July 11, 2015

PENNSYLVANIA

Pittsburgh: Democratizing SAT prep

Neighbors in Need is a nonprofit that provides scholarships to Pittsburgh Prep, a tutoring company. Together, they launched a free online SAT tutoring course. Now, the College Board has partnered with Khan Academy to do the same, in a push to make SAT prep available even to those who don’t have money to spend on private tutors.

Southwest PA: Horse therapy horse for people with PTSD and disabilities

Horses are among the best therapy animals because they’re responsive to human emotion and body language. Four farms in Southwestern Pennsylvania can help treat children with both physical and mental disabilities and at-risk children who’ve been abused. Nickers ‘n Neighs is also partial to help veterans overcome post-traumatic stress.

Washington County: Donora drug bust

The Washington County District Attorney arrested a 28-year-old man on charges of intent to deliver heroin, possession of heroin and possession of drug paraphernalia. Authorities confiscated 263 stamp bags of heroin.

Reading: FBI search City Hall, continuing Allentown case

The FBI moved to Reading, where they served warrants at the mayor’s office, city council, the finance department and controller, seeking documents related to contracts. The offices are cooperating. Mayor Vaughn Spencer used the same campaign consultant as Allentown Mayor Ed Pawlowski: H Street Industries.

Philadelphia: Questions surrounding a ‘Good Samaritan’ case

Does it count as self-defense when you shoot someone who may have committed a crime that you didn’t see? That’s what Hatboro Councilman George Forgeng did when he shot and wounded a bank robbery suspect. Forgeng didn’t see the crime, didn’t know whether the suspect was armed and only assumed guilt because of a broken dye pack outside the bank.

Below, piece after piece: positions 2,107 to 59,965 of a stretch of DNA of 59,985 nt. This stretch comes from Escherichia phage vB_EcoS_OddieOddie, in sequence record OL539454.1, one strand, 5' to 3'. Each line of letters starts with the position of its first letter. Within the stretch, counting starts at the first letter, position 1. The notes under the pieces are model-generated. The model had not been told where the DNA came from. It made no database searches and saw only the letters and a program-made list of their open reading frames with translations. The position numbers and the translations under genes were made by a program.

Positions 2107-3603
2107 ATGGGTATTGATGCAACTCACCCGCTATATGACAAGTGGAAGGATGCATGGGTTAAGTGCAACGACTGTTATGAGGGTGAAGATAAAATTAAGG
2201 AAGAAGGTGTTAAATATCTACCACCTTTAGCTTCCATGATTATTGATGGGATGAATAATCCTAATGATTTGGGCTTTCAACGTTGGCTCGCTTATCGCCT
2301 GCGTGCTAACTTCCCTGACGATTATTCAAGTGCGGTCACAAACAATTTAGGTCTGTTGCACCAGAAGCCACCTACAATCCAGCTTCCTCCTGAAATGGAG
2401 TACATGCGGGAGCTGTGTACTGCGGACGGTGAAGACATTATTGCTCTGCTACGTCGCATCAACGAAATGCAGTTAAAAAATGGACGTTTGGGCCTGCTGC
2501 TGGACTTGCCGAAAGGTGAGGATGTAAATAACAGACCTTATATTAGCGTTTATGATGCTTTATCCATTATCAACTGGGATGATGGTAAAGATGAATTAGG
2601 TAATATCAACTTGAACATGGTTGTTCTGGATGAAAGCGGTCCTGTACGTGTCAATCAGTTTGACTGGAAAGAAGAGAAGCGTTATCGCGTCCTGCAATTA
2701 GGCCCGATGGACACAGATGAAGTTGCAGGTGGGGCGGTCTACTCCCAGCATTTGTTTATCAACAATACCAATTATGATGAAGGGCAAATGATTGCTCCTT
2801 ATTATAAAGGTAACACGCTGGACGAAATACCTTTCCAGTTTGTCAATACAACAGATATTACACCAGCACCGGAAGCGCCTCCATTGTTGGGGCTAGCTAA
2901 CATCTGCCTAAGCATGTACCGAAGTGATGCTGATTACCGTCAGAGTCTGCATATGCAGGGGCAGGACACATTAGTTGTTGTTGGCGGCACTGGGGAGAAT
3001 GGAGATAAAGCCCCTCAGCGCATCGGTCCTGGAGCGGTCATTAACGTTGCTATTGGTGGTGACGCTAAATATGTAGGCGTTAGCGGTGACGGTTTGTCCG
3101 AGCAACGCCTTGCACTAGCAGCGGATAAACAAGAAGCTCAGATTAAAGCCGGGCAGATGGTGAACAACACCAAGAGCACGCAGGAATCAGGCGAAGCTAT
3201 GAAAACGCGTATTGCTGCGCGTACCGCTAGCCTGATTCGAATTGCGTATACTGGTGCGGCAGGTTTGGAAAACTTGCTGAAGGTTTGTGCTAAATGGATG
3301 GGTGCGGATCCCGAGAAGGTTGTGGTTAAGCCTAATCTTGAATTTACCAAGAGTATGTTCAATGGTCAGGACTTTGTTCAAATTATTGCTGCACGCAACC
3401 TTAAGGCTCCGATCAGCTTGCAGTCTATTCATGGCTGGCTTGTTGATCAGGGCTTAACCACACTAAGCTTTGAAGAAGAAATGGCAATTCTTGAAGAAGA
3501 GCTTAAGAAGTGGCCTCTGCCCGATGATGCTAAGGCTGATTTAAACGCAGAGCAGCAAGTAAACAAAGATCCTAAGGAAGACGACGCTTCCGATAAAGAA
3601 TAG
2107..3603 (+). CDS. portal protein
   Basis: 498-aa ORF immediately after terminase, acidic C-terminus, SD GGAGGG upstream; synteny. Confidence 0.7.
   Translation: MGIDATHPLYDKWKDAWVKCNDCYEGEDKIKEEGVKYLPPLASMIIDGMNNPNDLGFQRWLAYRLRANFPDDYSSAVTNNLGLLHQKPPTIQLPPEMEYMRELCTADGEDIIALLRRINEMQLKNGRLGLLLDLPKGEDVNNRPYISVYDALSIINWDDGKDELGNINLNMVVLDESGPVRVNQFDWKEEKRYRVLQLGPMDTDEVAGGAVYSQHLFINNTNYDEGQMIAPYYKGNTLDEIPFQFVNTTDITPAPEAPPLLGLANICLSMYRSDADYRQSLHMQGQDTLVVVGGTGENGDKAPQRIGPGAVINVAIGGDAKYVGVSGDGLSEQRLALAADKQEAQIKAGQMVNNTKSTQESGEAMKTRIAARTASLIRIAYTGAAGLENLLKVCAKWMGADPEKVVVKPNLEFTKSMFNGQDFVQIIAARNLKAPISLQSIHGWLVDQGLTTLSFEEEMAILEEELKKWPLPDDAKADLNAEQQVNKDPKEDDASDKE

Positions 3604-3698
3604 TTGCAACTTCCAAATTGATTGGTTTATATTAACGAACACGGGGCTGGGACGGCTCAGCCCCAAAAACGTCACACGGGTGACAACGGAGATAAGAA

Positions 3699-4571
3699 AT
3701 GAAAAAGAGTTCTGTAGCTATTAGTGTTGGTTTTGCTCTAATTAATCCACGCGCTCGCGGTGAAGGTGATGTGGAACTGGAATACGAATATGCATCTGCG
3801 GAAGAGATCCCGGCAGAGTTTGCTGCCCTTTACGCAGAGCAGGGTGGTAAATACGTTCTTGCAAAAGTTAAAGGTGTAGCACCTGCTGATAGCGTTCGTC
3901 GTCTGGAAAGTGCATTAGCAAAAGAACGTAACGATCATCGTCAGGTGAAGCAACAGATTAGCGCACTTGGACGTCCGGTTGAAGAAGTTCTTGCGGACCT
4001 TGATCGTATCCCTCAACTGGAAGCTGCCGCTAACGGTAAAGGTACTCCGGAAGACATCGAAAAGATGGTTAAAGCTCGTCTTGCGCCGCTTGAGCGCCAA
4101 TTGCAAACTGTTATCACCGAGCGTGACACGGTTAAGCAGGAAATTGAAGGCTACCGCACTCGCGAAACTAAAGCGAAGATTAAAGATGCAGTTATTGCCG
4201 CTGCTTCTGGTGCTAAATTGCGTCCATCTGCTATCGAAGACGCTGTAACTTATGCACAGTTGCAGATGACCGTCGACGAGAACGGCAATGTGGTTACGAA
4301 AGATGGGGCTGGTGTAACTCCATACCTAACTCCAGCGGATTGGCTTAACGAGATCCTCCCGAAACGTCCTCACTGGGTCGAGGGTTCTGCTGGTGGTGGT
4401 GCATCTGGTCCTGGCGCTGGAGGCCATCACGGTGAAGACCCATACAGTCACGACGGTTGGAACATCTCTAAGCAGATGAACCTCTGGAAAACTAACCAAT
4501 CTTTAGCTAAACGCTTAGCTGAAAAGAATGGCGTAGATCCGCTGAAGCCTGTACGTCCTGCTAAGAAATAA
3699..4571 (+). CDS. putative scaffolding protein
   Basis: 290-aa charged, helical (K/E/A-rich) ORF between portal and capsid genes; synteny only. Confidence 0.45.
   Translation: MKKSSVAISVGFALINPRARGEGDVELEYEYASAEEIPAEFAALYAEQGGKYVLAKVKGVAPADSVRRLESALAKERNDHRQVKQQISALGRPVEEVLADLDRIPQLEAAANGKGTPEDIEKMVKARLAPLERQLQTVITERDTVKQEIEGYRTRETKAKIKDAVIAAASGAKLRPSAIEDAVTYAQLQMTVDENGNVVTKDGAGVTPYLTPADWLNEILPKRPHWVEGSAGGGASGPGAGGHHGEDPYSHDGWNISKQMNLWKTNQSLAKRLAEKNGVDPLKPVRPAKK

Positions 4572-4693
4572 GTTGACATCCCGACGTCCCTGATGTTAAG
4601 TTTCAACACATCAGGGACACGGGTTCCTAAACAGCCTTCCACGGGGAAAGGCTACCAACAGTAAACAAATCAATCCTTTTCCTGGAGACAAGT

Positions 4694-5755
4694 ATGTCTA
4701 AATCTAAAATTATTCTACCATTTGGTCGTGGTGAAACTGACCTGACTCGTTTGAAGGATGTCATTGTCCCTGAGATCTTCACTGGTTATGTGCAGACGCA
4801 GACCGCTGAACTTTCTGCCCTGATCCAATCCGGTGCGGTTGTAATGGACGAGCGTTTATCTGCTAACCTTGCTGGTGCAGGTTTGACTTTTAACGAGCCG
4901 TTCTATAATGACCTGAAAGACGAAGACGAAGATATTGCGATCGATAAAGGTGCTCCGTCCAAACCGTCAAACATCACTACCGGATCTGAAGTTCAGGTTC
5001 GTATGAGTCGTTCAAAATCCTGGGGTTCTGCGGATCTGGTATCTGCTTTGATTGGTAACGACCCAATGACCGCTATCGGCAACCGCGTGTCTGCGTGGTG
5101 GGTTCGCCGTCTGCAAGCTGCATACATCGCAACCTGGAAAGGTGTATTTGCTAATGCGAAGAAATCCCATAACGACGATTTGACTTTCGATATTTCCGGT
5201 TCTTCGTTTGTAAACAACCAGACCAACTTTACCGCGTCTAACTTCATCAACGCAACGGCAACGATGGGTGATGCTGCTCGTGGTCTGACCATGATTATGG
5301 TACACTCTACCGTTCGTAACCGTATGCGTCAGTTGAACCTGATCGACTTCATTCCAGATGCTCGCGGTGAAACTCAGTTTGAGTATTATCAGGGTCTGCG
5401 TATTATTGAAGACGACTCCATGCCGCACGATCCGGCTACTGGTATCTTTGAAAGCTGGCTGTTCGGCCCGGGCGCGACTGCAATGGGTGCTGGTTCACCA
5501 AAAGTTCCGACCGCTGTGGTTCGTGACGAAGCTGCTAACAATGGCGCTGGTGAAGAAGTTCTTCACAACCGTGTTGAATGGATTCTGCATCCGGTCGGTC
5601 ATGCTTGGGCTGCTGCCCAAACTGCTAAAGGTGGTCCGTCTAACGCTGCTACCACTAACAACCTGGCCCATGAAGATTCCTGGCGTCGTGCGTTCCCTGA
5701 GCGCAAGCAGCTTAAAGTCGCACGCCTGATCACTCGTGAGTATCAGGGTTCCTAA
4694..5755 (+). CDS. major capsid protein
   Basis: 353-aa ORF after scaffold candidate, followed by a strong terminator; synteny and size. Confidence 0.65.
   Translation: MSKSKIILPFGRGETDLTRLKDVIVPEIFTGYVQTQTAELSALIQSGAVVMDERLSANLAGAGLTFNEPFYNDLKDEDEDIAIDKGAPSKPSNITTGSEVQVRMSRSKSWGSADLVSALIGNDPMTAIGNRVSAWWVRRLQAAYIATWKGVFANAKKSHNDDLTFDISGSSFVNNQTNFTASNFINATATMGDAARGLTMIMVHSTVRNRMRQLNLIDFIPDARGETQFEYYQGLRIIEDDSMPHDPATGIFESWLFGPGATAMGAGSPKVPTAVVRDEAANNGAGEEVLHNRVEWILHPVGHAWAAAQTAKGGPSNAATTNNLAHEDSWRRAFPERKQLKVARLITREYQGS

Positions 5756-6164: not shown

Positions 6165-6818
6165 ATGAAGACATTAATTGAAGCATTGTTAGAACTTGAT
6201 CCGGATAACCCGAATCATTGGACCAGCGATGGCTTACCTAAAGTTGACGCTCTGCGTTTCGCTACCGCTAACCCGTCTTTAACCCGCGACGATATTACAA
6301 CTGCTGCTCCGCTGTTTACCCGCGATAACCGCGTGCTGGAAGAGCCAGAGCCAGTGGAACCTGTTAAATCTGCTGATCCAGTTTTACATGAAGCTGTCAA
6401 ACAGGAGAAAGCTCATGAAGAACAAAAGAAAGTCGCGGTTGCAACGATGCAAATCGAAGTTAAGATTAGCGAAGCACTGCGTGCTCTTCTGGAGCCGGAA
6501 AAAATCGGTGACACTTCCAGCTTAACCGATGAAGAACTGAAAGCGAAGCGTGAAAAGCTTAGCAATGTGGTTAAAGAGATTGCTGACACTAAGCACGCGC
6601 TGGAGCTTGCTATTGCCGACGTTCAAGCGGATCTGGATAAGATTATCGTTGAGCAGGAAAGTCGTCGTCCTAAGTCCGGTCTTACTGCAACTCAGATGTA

Harrisburg: Couple caught having sex on federal building roof, including U.S. Marshal

A photographer leaked photos of the couple on Wednesday, sending them to the news because she feared they could pose a security risk. At least one of the suspects is in the U.S. Marshals Service. The incident is currently under investigation.

NATIONAL

Office of Personnel director resigns

After news regarding the scope of the cyber attack broke, Katherine Archuleta submitted her resignation to President Obama on Friday. The acting role will be filled by the former director of a consulting firm until a new, competent and technologically savvy replacement can step in to manage the crisis.

Charleston shooter shouldn’t have been able to buy gun

A loophole in the system allowed Dylann Roof, suspected Charleston, S.C., shooter, to purchase the handgun allegedly used for the murders. Roof tried to buy the gun but was denied because further investigation into his criminal history was needed. The FBI didn’t obtain the documents within the three-day waiting period, so Roof was able to return and buy the gun.

Parole boards keep prisoners behind bars

The U.S. has more than 1.5 million people incarcerated, and 26 states have nearly limitless authority to determine who stays there and why, and they don’t have to give reasons. Parole boards only release a fraction of prisoners because they don’t want those releases to haunt them.

IN OTHER NEWS

Toronto mourns, offers candlelight vigil for dead raccoon

It started when a concerned citizen tweeted Animal Services to pick up the body of a dead raccoon. But despite repeated notices, it was left there for more than 10 hours. As the day progressed, more passersby stopped to honor the animal. People brought flowers, cards, a framed photograph and candles, and named him Conrad.

The daily report was compiled by Stephanie Roman, a PublicSource intern. You can reach her with questions or suggestions at sroman@publicsource.org.